[Viewpoint]A new democracy

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[Viewpoint]A new democracy

On Nov. 11, 1947, British Prime Minister Sir Winston Leonard Spencer Churchill spoke at the House of Commons: “Many forms of government have been tried, and will be tried in this world of sin and woe,” he said. “No one pretends that democracy is perfect or all-wise. Indeed, it has been said that democracy is the worst form of government, except all the others that have been tried.”

What Churchill was talking about was representative democracy, in which a few represent the interests of many.

English voters were so fickle that right after the end of World War II, they chose the Labour Party over Churchill’s Conservative Party, which steered the nation to victory the war.

Now that the right to vote has been extended to all adult men and women in Korea, it is increasingly challenging to represent the opinions of citizens. Yet, representative democracy was fairly effective in the 20th century.

However, in the 21st century, we are witnessing the end of representative democracy. While the crisis of the representative system has been long in coming, it has never been so serious and obvious as it is in today’s Korea. The voters no longer trust the president and the representatives they elected. The president won a landslide victory with a margin of 5 million votes, and the ruling party secured majority of the seats in the National Assembly. However, the voters still don’t trust them to look out for the public interest.

In fact, not all the nation’s citizens actually elected the president and the lawmakers. Some 37 percent of the voters did not exercise their voting rights in the presidential election, and 57 percent did not vote in the general election. Whether they are conservative or liberal, they did not identify with any candidate enough to choose one.

Even those who voted are not satisfied with the representation they are getting, and they aren’t waiting until the next election to punish lawmakers. Even minors who can’t vote are using public demonstrations to make their voices heard.

And it’s all thanks to the power of communication. Today, voters don’t engage in political debates over drinks. Instead, they sit in front of a computer screen. They post their opinions online and create communities with those who share their thoughts. Citizens found a common ground in front of the monitor and came out to City Hall Plaza with candles.

The representatives don’t seem to be able to read the minds of the voters. The president has ignored signs of public discontent since the transition committee days. The ruling party is busy watching the president and repeating the Blue House’s position like a mockingbird. The opposition party has taken to the streets. They see citizens’ fury as an opportunity to recover from election defeats. They sneaked into candlelight rallies but received sharp glares instead of support.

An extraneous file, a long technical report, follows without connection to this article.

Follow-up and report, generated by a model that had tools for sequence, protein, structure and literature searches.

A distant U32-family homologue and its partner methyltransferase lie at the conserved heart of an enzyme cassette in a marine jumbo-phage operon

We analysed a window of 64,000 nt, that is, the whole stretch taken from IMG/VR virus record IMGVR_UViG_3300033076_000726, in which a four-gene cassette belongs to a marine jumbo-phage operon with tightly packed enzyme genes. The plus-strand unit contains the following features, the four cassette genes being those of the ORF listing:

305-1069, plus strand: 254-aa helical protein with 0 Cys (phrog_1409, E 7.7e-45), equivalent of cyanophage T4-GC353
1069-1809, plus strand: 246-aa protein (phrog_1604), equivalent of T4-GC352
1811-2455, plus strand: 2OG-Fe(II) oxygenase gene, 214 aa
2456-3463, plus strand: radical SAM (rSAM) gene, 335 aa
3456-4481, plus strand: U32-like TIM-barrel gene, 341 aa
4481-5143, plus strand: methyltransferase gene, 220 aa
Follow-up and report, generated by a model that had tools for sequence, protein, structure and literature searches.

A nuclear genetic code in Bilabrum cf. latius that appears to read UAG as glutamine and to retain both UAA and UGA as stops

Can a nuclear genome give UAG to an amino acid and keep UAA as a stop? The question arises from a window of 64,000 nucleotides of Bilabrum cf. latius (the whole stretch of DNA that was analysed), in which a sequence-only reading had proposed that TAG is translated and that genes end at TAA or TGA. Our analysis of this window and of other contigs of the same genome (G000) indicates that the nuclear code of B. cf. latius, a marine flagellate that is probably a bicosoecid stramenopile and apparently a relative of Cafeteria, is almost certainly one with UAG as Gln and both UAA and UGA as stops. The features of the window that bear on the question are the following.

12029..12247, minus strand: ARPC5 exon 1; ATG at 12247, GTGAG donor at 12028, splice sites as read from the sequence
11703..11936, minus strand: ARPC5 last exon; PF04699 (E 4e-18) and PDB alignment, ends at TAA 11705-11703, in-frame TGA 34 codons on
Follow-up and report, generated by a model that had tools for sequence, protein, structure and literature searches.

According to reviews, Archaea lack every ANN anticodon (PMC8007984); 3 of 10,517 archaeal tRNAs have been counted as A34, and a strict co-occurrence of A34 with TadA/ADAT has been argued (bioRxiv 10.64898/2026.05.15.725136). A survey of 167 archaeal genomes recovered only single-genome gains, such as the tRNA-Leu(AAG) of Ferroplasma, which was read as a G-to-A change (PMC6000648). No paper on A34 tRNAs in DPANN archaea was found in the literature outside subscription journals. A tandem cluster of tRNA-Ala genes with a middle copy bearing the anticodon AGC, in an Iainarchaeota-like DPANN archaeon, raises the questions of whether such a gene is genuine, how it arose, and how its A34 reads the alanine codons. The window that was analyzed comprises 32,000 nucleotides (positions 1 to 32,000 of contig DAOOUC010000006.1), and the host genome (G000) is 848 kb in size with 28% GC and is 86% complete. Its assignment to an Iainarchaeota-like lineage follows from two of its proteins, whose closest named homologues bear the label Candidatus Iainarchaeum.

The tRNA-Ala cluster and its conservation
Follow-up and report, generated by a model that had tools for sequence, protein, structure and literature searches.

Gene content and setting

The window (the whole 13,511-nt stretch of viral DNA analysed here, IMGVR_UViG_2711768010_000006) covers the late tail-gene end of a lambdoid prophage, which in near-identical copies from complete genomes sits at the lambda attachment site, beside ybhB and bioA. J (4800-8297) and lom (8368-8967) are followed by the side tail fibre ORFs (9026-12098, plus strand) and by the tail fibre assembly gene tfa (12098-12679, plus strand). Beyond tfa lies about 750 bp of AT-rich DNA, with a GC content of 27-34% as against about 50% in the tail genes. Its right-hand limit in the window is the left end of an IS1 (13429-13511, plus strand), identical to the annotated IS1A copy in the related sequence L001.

Shocked by the direct action of the voters and future voters, the government proposed a 10 trillion won-plan to help the economy and is waiting for the candles to go out. It is nervously contemplating a cabinet and government reshuffle to comfort the angry public. At Seoul’s request, even the president of the United States is offering help. Korea has turned into a ground for direct democracy, with individual opinions being taken into account through communication and actions.

With the president deaf to citizens’ complaints, Koreans are confronting the government personally.

This might be inevitable as society becomes more open, where individuality and diversity are respected. Futures studies expert John Naisbitt says politicians are not needed in such a society. There is no need for a representative when citizens communicate directly with the government.

However, pitfalls are everywhere. As we can witness today, minority voices are often neglected. Sensational and sometimes fabricated videos incite the public, and populism often ignores reality and fails to offer alternative solutions.

We cannot light candles every time there is an issue. After all, the voters ultimately pay the costs the rallies incur. What is more serious than money is divided national opinion. We can always make up for financial losses but wounds do not heal so easily.

Before it is too late, we should find a new paradigm connecting politics and voters. The politicians are on the verge of losing their jobs, so they should take the initiative. We have to find a better way to move forward, unless we have better ideas than Churchill.

*The writer is a deputy political news editor of the JoongAng Ilbo.

by Lee Hoon-beom
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